BRUSSELS, Oct 30 (Reuters) - The euro zone grew much less than expected in the third quarter and economic confidence continued to fall, official estimates showed on Tuesday, as signs of distress became more evident in Italy, the bloc’s third biggest economy.
The European statistics office Eurostat said economic growth in the 19 countries sharing the euro slowed to 0.2 percent in the third quarter against the previous three months, after a 0.4 percent expansion in the second quarter.
Year-on-year euro zone growth slowed to 1.7 percent from 2.2 percent in the second quarter. Economists polled by Reuters had expected a 0.4 percent quarterly expansion and a 1.8 percent year-on-year rise.
Eurostat does not provide national data in its flash estimates, but figures released earlier on Tuesday by the Italian statistics agency showed Italy’s growth had halted in the third quarter amid a row with the European Union over the country’s budget for next year.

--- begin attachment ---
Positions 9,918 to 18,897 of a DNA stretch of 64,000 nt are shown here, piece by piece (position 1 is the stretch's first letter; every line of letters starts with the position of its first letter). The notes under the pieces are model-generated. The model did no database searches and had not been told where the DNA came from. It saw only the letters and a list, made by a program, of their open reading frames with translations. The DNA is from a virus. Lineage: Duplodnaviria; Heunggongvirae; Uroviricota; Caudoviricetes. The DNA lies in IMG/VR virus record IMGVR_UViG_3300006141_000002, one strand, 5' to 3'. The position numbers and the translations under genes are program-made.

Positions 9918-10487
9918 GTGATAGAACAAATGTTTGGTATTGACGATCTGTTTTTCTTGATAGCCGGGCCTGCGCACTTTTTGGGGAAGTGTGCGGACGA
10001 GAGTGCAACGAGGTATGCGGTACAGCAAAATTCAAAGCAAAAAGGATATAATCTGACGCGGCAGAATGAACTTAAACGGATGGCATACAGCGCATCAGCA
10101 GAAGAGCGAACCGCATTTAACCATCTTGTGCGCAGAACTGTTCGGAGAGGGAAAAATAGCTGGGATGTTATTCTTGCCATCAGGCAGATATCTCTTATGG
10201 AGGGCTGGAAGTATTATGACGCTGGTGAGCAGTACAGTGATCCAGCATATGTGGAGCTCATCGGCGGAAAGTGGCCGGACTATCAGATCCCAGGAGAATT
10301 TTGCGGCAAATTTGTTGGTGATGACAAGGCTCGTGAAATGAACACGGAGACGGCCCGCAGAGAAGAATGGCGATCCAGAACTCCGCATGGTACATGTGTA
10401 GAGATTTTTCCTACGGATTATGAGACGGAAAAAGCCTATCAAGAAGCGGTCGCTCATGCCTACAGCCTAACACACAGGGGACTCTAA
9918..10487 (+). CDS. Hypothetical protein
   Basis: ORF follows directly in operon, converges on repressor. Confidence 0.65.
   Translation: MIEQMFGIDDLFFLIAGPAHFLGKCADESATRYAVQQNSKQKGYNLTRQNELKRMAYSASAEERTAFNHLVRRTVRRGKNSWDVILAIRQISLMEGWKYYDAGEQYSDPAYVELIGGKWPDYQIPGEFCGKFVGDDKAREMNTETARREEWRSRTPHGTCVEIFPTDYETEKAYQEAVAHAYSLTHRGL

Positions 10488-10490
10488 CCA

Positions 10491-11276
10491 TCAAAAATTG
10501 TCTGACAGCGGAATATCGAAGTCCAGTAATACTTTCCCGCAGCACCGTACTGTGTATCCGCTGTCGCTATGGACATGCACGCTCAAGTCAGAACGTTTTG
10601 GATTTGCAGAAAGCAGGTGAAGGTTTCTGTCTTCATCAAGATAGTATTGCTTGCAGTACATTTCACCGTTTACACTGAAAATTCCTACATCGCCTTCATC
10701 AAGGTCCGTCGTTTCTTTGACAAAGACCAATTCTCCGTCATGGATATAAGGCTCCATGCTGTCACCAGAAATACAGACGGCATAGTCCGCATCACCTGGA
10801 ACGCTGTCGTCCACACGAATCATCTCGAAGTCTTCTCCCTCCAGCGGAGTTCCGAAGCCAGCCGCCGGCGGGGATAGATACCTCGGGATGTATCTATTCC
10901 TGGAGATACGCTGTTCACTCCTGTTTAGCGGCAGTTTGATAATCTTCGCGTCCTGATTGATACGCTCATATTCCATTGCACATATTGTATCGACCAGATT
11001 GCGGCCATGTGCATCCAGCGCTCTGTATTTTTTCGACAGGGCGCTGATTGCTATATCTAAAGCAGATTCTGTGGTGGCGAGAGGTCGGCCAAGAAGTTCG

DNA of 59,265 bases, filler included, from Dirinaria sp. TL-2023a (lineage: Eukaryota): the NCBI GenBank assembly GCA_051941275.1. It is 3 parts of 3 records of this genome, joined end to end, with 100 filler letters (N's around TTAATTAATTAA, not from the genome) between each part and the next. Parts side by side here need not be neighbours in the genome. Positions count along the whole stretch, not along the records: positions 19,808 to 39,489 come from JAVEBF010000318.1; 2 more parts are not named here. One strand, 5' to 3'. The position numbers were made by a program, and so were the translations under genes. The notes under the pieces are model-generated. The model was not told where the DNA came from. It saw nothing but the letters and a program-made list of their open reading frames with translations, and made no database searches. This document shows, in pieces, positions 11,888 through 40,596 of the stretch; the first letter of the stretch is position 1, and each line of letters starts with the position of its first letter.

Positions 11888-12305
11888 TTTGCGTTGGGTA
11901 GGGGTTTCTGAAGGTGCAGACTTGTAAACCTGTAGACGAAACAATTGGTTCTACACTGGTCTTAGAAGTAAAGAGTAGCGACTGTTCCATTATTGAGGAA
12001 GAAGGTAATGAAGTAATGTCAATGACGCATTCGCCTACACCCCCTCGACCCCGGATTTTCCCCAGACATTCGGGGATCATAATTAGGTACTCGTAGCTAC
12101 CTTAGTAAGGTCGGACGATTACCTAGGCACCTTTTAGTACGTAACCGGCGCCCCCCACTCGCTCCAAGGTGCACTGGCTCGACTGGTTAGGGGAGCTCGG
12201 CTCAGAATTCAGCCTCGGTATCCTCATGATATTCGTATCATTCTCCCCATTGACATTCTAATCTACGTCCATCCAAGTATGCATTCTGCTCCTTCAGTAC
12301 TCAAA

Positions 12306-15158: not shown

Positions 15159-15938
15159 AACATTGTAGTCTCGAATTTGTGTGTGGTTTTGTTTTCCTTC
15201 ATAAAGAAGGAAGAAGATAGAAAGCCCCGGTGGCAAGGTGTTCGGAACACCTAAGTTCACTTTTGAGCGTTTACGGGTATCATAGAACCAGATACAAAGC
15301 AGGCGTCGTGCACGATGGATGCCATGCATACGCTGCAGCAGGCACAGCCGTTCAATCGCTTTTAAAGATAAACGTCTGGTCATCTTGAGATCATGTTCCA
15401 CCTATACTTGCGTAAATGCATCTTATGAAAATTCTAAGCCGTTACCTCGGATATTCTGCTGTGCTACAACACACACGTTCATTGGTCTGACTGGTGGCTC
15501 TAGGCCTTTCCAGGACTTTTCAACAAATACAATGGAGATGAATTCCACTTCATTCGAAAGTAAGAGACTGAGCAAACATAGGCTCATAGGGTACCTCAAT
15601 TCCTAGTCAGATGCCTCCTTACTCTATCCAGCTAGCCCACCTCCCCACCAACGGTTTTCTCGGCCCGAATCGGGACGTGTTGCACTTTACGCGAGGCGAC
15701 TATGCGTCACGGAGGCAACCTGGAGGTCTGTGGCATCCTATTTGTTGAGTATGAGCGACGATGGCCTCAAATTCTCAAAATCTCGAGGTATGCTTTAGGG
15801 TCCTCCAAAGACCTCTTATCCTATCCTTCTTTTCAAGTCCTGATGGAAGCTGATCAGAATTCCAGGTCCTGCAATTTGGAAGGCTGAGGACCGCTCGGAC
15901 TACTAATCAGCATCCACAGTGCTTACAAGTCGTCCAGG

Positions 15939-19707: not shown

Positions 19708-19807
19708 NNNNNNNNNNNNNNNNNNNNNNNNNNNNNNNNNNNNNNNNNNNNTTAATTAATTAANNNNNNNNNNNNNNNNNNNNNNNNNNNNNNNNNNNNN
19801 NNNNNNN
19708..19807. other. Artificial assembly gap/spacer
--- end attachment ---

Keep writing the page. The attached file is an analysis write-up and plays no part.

In a separate release, the European Commission said on Tuesday economic sentiment dropped in the euro zone for the tenth consecutive month, and by more than expected by economists.
The indicator, that shows managers and consumers’ morale, fell to 109.8 points in October from 110.9 in September in its biggest dip since March.
Although it remains above the long-term average, the indicator has been falling since the beginning of the year after having risen steadily in 2017.
In October the largest fall was recorded in retail services as managers held “much grimmer views on the present and expected business situation,” the Commission said and the indicator of selling price expectations dropped.
Confidence in industry and services also went down, while consumer sentiment grew slightly on improved savings expectations.
Among euro zone countries, economic morale fell in Germany, France and Italy, the three largest economies of the bloc, while it grew in Spain.
In Italy the downward trend, which is coupled with economic stagnation in the third quarter, began in July, the month after a eurosceptic government took office in Rome.
Outside the euro zone, Britain recorded a slight increase of economic sentiment, driven up by more optimism in retail trade and services which more than offset a fall in industry confidence. (Reporting by Francesco Guarascio and Jan Strupczewski)